Most religions are a lot like that. Priests and imams tout ways to go up to heaven in exchange for the performance of various rituals or the pronouncing of certain words. Christianity is different, since we have nothing with which to buy grace. Jesus offers us His living water for free, but the cost to Him was enormous. In gratitude believers learn to think of serving God and serving others: We cannot put aside our self-interest, but we can lose our selfishness.
Moses before the burning bush told God that the people of Israel would demand to know God’s name. God told Moses to say, “I AM has sent me to you.” I AM, of course, means God who is neither past nor future but everlasting, making every moment throughout eternity the present one, always focused. What a contrast with his human creations: We think woulda/shoulda/coulda about past opportunities and then chase future fantasies.
So here’s a question each of us should ask, especially as Christmas approaches: Do I care most about God’s I AM or my own I am? The human I am stands for the unholy trinity of me, myself, and I. The A is for ambition: Magnify my name. The M stands for money: Maximize it. But neither ambition nor money buys us a ticket to God’s observation deck.
We go up only through the grace of Jesus Christ, whom the apostle Paul called the second Adam—but we live by working, following what God set forth for the first Adam. God’s pronouncement to Adam that he would sweat to earn his daily bread was a punishment, yes, but also a severe mercy: When we don’t need to serve others by working, we typically start obsessing about our own I am. With our sinful natures, it’s harmful for poor human beings to live on welfare, rich human beings to live on trust funds, or 60-year-old Frenchmen to live on pensions.
Chapter 3 of Lamentations displays the contrast between I am thinking and I AM. The first part of the chapter describes the individual reflecting on his own afflictions: He is in darkness without any light, he is walled about so he cannot escape, he wears heavy chains, he is on crooked paths, a bear and a lion are ready to attack him, he is torn into pieces, his kidney has become a pincushion for arrows, he is drinking wormwood, his teeth grind on gravel, he is cowering in ashes. It’s the march of a million groaning metaphors.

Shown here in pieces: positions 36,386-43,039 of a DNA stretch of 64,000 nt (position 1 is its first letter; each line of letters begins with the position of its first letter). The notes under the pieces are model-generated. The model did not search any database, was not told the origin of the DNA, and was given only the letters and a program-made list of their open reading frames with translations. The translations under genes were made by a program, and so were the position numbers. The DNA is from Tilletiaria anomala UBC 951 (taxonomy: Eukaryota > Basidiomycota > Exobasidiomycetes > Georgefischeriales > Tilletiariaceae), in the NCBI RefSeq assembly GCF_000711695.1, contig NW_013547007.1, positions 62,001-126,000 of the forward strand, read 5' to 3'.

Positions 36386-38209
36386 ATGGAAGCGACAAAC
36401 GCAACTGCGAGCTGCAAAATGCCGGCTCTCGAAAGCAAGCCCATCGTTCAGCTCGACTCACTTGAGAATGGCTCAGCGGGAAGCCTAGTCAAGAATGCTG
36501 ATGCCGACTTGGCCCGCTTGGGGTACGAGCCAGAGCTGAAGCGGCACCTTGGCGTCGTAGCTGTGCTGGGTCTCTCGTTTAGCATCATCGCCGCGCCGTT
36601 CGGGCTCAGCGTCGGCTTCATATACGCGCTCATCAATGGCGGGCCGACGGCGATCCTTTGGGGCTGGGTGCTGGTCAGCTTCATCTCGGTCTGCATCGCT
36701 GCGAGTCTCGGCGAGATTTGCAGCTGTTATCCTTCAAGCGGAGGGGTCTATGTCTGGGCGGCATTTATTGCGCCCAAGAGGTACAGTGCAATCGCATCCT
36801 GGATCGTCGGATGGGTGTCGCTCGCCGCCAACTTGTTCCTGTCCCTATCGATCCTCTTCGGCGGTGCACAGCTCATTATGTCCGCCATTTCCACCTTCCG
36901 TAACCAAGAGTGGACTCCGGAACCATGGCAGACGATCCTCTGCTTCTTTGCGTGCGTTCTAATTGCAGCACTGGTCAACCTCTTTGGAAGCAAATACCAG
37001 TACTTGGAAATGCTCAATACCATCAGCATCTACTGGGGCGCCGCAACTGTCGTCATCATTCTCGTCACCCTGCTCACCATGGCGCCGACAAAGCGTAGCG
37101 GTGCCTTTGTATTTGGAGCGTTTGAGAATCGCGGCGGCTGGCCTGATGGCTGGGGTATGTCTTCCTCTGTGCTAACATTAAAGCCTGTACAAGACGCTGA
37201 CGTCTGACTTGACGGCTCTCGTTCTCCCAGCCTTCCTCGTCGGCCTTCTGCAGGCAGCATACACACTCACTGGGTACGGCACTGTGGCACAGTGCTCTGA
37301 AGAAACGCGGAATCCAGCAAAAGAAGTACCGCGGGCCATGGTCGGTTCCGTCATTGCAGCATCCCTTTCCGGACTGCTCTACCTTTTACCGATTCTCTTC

In the next part of the chapter, nothing in the author’s troubled situation has changed, but he has moved from I am to I AM: “The steadfast love of the Lord never ceases, His mercies never come to an end; they are new every morning; great is Your faithfulness.”
I imagine red, blue, and yellow salesman each accepting different currency for their tickets. The rich man’s money, the scribe’s knowledge, and the Pharisee’s reputation for morality are all legal tender. There’s nothing wrong with having money, knowledge, or a reputation for morality, but those who have it often know they have it and pride themselves on it. Those who have no money for tickets are far readier to accept the offer of free grace that provides ascension to a far greater observatory.
The goal of life is to move from the baby’s first cry of I am to the wise maturity of allegiance to I AM. Our human I am is born of fear: My position and my bank account give me a haven in a harsh world. God’s I AM requires trust, which is very hard for those of us who grew up amid suspicion and worry—but if it were easy we wouldn’t need the Redeemer born on Christmas.
Marvin is editor in chief of WORLD and dean of World Journalism Institute. He joined WORLD in 1992 and has also been a university professor and provost. He has written more than 20 books, including Reforming Journalism. Marvin resides with his wife, Susan, in Austin, Texas. Follow him on Twitter @MarvinOlasky.